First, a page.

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David Conte, His Guitar Duo, and Boulanger

David Conte, His Guitar Duo, and Boulanger

7 June 2021 / William Anderson / On the Beat, composers

RSF support the Third Street Music School and Make Music New York

David Conte studied with Nadia Boulanger. Joan Forsyth, Piano Chair at the Third Street Music School, brought him from San Francisco to the East Village to give a masterclass and to celebrate his work. She also organized a wonderful marathon of music by Bouanger students for Make Music New York on the 21st of June of this year 2021. For this, the Anderson Fader Duo will perform Conte’s guitar duo, Of a Summer Evening.

A few points beg to be made.

I once asked Robert Morris what color pentatonic is. I said magenta. He said grey. He didn’t mean it in a derogatory way. What he meant was that it can become like water–like the accepted vertical intervals in species counterpoint. My magenta take was to do with how I feel about a blotch of pentatonic amidst, say for example, Wuorinen’s palette.

Elsewhere I celebrate the late development in Wuorinen’s music of a dynamism between the chromatic tetrachord and the magenta diatonic tetrachord.

The great advantage of this passage from Conte’s guitar duo Of a Summer Evening is that it is a foil for other sounds. It is diatonic with weight on seconds and ninths–

Transform those seconds.

The chord in measure 99 in guitar 1, I noticed, is pure augmented scale, 5/6ths of an augmented scale. D# is missing. The augmented scale has no major seconds. (!)

The augmented scale has no major seconds.

The flavor here is augmented scale and it doesn’t have to be pure to sustain the sound to a dramatic breaking point. In measure 103, for example, the second chord in guitar 1 is a bit of a hybrid, I think. It’s close to

D# E G G# B

and also close to

D# F# G Bb B

The chord in guitar 1 on downbeat of measure 104 pushes toward whole tone – B Db F G B, but we remember the French augmented 6 chord is a subset of the octotonic. The chord is whole tone, augmented scale, octotonic hybrid.

F G G# A# B C# D Eb


At the double bar, the spell breaks, and we are back to magenta, but it is freshened. The C natural in guitar two completes the diatonic septachord. The story of the major second count dwindling to zero and recovering toward the maximum 6 before reverting to the diatonic septachord’s 5 count. Some of us called this “interval vector music” and of course someone complained, but it’s apt.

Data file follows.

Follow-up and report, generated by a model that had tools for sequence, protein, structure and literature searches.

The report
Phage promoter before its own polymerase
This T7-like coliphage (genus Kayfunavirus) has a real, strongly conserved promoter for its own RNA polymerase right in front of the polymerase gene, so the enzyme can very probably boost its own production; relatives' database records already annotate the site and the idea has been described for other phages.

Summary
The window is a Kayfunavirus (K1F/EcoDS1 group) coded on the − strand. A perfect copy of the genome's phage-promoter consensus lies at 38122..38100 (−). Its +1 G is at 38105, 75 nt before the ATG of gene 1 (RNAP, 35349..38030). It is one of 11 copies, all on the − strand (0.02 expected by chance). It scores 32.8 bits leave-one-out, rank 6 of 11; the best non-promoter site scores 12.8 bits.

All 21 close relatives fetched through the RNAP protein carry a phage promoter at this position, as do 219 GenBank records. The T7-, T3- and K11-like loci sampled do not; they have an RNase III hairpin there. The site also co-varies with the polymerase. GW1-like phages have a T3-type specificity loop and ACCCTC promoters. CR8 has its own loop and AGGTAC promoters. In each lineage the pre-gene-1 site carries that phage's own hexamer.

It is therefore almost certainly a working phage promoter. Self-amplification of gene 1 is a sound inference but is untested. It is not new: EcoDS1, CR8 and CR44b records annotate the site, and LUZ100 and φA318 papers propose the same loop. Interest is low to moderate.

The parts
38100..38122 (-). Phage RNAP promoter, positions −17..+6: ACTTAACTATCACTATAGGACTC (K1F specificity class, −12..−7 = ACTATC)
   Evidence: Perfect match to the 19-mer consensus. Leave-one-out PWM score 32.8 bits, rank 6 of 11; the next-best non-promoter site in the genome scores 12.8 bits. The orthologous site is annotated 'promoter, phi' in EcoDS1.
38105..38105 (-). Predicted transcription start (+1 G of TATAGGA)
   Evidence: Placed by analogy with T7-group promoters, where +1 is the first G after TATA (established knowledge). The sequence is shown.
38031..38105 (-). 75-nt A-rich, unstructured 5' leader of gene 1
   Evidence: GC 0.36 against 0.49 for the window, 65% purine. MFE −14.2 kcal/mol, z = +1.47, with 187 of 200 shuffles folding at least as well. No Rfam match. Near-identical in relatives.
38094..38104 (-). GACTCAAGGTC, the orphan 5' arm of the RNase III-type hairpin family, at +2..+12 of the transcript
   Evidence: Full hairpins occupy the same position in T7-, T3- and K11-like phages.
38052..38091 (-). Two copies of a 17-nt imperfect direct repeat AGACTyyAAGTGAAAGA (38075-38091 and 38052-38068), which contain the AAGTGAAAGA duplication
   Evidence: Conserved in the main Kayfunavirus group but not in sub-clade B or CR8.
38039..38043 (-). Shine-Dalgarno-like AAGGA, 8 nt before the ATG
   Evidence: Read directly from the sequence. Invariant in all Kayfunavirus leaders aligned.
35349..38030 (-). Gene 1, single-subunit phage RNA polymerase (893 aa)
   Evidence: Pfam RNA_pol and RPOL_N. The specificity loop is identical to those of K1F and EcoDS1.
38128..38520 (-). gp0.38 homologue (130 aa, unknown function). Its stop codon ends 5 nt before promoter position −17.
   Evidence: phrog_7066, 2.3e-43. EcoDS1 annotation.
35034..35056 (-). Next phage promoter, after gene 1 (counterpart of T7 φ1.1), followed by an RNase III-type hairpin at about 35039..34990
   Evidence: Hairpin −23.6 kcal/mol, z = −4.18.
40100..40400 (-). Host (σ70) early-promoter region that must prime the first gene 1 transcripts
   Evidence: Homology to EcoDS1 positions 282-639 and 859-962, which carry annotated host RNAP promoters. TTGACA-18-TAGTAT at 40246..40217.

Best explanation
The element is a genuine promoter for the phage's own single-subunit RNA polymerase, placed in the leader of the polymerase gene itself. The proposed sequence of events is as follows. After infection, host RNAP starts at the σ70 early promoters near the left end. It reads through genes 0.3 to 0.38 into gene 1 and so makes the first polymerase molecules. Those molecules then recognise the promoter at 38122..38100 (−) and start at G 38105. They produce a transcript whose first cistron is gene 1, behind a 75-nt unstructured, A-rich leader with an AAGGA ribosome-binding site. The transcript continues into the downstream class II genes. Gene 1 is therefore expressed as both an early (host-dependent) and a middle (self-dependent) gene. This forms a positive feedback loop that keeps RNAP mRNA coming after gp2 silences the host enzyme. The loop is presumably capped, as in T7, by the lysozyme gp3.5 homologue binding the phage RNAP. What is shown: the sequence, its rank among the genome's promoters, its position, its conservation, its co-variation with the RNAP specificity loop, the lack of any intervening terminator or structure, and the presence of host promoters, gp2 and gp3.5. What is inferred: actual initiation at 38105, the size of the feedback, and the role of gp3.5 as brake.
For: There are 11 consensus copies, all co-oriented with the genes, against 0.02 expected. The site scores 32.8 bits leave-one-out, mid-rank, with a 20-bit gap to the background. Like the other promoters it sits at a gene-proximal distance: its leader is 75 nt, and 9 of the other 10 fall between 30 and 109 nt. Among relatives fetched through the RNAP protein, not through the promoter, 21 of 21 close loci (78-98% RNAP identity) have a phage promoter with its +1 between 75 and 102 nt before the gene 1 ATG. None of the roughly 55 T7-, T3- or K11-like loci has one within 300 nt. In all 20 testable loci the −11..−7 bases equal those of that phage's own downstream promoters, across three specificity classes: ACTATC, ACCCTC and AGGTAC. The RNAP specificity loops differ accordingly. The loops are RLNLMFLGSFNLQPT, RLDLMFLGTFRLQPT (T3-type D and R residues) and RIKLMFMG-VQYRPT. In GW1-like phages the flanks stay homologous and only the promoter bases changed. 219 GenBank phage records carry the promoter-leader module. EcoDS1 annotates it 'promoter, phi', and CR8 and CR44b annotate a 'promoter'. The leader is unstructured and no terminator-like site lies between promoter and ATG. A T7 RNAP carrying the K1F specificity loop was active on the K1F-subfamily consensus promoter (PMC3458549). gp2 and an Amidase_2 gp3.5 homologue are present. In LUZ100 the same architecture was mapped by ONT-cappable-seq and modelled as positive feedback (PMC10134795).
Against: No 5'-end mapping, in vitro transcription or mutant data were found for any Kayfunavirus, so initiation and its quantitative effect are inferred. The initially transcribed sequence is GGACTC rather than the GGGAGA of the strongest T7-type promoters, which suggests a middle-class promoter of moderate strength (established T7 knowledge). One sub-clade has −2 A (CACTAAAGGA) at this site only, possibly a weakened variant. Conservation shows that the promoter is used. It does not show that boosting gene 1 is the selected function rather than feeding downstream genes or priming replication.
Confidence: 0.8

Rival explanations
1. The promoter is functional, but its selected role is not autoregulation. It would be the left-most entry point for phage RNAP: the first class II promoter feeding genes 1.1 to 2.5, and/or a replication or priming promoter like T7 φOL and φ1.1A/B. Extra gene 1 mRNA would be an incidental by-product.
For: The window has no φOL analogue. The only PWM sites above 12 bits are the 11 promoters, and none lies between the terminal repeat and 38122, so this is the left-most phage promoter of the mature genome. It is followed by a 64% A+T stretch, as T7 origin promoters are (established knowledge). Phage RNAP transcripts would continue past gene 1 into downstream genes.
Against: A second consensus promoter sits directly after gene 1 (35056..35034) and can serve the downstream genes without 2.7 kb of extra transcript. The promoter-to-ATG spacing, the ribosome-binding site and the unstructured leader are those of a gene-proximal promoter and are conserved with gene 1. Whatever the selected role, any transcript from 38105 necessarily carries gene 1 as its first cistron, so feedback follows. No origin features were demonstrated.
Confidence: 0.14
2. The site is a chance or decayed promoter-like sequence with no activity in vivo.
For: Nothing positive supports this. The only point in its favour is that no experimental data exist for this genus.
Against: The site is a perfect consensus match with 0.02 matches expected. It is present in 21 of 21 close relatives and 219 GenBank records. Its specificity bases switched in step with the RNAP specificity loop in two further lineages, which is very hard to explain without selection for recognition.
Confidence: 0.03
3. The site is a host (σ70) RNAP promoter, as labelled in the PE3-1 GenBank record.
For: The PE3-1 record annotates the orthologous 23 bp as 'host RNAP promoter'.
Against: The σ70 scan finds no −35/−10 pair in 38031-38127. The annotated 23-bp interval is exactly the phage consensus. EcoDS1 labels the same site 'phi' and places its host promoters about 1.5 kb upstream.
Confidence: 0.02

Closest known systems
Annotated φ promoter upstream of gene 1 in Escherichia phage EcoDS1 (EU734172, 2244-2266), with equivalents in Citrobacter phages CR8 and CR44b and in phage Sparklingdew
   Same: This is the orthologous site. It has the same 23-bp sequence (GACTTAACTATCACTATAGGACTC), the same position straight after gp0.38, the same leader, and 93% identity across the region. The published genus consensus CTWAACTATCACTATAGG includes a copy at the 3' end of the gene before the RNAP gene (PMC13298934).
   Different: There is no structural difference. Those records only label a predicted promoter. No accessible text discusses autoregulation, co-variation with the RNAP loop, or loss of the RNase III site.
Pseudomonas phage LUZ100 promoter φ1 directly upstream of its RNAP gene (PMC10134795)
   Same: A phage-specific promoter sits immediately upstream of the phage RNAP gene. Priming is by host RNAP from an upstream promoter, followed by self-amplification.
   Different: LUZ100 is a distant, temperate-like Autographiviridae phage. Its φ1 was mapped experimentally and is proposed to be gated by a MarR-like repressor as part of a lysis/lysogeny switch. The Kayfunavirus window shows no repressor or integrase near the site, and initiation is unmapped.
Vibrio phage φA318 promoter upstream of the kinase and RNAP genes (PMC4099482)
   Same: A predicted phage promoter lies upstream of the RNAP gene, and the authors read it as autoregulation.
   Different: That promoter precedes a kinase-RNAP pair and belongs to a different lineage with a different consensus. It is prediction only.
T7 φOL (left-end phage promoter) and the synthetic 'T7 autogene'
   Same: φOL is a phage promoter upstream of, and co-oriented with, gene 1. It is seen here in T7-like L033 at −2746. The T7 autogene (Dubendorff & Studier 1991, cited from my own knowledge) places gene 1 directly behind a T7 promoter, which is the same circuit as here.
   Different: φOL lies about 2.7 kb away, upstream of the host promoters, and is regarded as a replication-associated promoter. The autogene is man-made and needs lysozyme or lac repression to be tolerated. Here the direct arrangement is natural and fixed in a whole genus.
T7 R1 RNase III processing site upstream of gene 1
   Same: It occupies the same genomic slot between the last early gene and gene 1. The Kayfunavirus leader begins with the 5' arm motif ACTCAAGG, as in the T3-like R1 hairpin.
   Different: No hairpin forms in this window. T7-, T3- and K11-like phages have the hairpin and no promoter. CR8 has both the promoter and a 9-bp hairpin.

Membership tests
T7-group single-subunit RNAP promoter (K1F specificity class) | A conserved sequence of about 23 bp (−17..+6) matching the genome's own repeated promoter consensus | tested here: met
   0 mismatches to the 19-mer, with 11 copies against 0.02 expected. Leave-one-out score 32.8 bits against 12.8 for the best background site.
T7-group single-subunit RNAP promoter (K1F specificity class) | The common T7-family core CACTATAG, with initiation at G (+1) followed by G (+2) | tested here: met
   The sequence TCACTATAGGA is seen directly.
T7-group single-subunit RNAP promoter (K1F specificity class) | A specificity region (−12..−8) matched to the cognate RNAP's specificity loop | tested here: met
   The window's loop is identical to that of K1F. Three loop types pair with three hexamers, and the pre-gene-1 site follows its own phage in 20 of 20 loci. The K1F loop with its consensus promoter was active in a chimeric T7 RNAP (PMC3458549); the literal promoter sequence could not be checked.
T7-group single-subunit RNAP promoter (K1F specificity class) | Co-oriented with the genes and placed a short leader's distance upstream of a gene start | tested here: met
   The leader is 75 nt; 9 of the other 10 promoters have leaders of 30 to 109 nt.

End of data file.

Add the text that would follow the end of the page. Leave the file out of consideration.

Elswhere I’ve commented about pre-tonal and early tonal music where tritones pop out of the surface, glowing, and double leading tone cadences pop out even hotter.

Foregrounding sounds. Don’t they culminate in Beethoven’s sforzando spectrum?–

diatonic dissonances
simple chromaticism (secondary dominants)
augmented 6th chords

The augmented 6 chords are more powerful, grab us more forcefully, than secondary dominants.

I understand Boulanger taught the diminished scale, passing it on from Debussy and Stravinsky. Did she teach the augmented scale? Everyone abuses octotonic, the augmented scale feels a bit more exotic? Took me a long time to glom onto it.

And I like the way Conte negotiates this terrain. He does what fits him like a glove.

Boulanger said to Piazzola, “Do what you know”. What I see us (a preponderance of American composers) knowing and utilizing is a parsing of the interval cycles such as we see here in Conte’s guitar duo.

Broadly, I think of this as a Schoenberg op. 9 thing. Op. 9 has a theme for every interval cycle.

Schoengerg Op. 9 has a theme for every interval cycle.

We are less focused on modulation, more on families of tranpositions–how transpositions & modulations break into and out of such as these–

Diatonic
Diatonic with tritone
Whole Tone – transposition by even numbers is not really a transposition, keeps you where you are
Chromatic
Augmented Scale – transpostions by 4s keep you where you are
Diminished scale – transpostions by mulitples of 3 keep you in the same scale

And I’ve commented before that the Mystic chord dodges things by 1 semitone. It’s 5/6ths whole tone; 5/6ths diatonic; 5/6ths octotonic–very cool.

Rows narrowed the paths through these associations. So did the “set class” orientation that we see so clearly and beautifully in Harold Meltzer’s music. Composing, making tunes and phrases, etc.,narrows the paths, as we see in David Conte’s example.




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